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Wednesday, July 26, 2023 – Broadband Nutrition Labels: Have They Improved?
In late 2022, the Federal Communications Commission required internet service providers to display broadband “nutrition” labels including speeds, service reliability, ACP participation and other relevant metrics at every point of sale. While there is consensus on the need for an informative and consumer-friendly label, some believe the requirements go too far or don’t go far enough. With federal broadband funding making its way to each state and the implementation phase just around the corner, the “nutrition labels” will soon become a reality. What might be the FCC’s next steps? How will the requirements affect broadband providers? How can consumers make sure they order from the right broadband “menu”?
- Ryan Johnson, Senior Policy Counsel, Next Century Cities
- Steve Coran, Chair, Lerman Senter’s Broadband, Spectrum and Communications Infrastructure practice group
- Joshua Stager, Policy Director, Free Press
- Sascha Meinrath, Palmer Chair in Telecommunications, Penn State University; Founder, X-Lab
- Drew Clark (moderator), Editor and Publisher, Broadband Breakfast
Ryan Johnson is responsible for NCC’s federal policy portfolio, building and maintaining relationships with Federal Commissions Commission officials, members of Congress and staff, and public interest allies. Working with various federal agencies, Ryan submits filings on behalf of NCC members on technology and telecommunications related issues that impact the digital divide such as broadband data mapping, benchmark speeds, spectrum policy, content moderation, privacy, and others.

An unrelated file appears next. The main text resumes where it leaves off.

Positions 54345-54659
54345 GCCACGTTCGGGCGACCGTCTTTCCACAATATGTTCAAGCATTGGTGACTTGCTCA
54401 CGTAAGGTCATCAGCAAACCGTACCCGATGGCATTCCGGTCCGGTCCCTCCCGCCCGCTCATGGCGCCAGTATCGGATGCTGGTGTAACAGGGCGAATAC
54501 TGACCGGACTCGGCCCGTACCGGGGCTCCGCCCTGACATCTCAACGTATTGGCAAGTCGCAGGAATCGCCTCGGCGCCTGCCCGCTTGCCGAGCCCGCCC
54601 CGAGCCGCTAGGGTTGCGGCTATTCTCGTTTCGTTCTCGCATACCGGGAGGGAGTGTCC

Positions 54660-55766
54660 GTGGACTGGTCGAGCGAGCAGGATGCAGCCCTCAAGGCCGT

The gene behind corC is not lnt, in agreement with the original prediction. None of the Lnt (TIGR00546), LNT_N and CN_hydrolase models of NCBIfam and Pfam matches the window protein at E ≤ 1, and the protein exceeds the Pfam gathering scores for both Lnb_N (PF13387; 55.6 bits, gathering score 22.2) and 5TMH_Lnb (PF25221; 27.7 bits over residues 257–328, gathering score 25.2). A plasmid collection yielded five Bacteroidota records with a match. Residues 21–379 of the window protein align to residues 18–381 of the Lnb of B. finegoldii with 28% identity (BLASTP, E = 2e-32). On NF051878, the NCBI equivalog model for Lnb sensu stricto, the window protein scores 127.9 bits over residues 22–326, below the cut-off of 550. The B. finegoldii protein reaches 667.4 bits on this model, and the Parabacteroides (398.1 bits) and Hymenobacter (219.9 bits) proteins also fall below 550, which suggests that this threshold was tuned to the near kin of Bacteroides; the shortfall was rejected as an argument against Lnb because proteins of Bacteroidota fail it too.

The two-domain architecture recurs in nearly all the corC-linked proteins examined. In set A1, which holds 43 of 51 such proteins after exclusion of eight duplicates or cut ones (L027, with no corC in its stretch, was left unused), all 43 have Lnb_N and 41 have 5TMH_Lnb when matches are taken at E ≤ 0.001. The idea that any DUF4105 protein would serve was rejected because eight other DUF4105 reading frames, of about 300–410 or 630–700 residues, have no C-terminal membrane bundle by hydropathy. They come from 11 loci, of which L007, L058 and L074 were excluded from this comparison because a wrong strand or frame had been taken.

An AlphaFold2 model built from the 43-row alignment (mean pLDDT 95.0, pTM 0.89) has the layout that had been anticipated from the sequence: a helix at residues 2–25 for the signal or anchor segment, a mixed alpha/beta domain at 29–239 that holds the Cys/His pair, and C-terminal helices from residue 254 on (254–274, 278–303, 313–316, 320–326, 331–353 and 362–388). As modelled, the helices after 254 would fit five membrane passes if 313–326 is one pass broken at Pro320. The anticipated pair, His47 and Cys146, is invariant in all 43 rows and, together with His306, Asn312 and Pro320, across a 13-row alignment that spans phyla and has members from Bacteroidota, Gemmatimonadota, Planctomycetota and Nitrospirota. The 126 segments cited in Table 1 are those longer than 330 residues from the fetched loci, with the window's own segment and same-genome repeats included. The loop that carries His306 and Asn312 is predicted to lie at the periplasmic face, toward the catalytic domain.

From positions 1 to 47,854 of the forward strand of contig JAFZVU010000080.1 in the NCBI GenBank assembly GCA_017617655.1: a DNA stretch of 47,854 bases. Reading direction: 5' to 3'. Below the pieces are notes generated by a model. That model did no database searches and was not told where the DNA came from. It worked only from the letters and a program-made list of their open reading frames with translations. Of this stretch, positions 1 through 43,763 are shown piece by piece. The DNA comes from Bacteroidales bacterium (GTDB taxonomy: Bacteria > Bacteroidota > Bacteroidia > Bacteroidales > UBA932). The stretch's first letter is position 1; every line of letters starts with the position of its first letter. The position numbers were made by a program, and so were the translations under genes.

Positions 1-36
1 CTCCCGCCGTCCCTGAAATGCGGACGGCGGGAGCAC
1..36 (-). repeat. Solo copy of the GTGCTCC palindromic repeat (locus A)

Steve Coran is chair of Lerman Senter’s Broadband, Spectrum and Communications Infrastructure practice group. He represents broadband providers, private equity firms, equipment and technology companies, and new technology firms, serving their policy, transactional, compliance, and licensing needs. He also actively represents a trade association before the FCC, Congress, and other federal agencies in matters involving spectrum policy, Internet regulation, the Universal Service Fund, and other proceedings affecting wireless broadband service providers and other wireless technology interests.
Joshua Stager is the policy director at Free Press, where he advances policies to close the digital divide, protect consumers, and make the broadband market competitive and affordable. As a public interest advocate and attorney, he works closely with industry, Congress, the FCC and other federal agencies. He previously was deputy director of the Open Technology Institute.
Drew Clark is CEO of Breakfast Media LLC. He has led the Broadband Breakfast community since 2008. An early proponent of better broadband, better lives, he initially founded the Broadband Census crowdsourcing campaign for broadband data. As Editor and Publisher, Clark presides over the leading media company advocating for higher-capacity internet everywhere through topical, timely and intelligent coverage. Clark also served as head of the Partnership for a Connected Illinois, a state broadband initiative.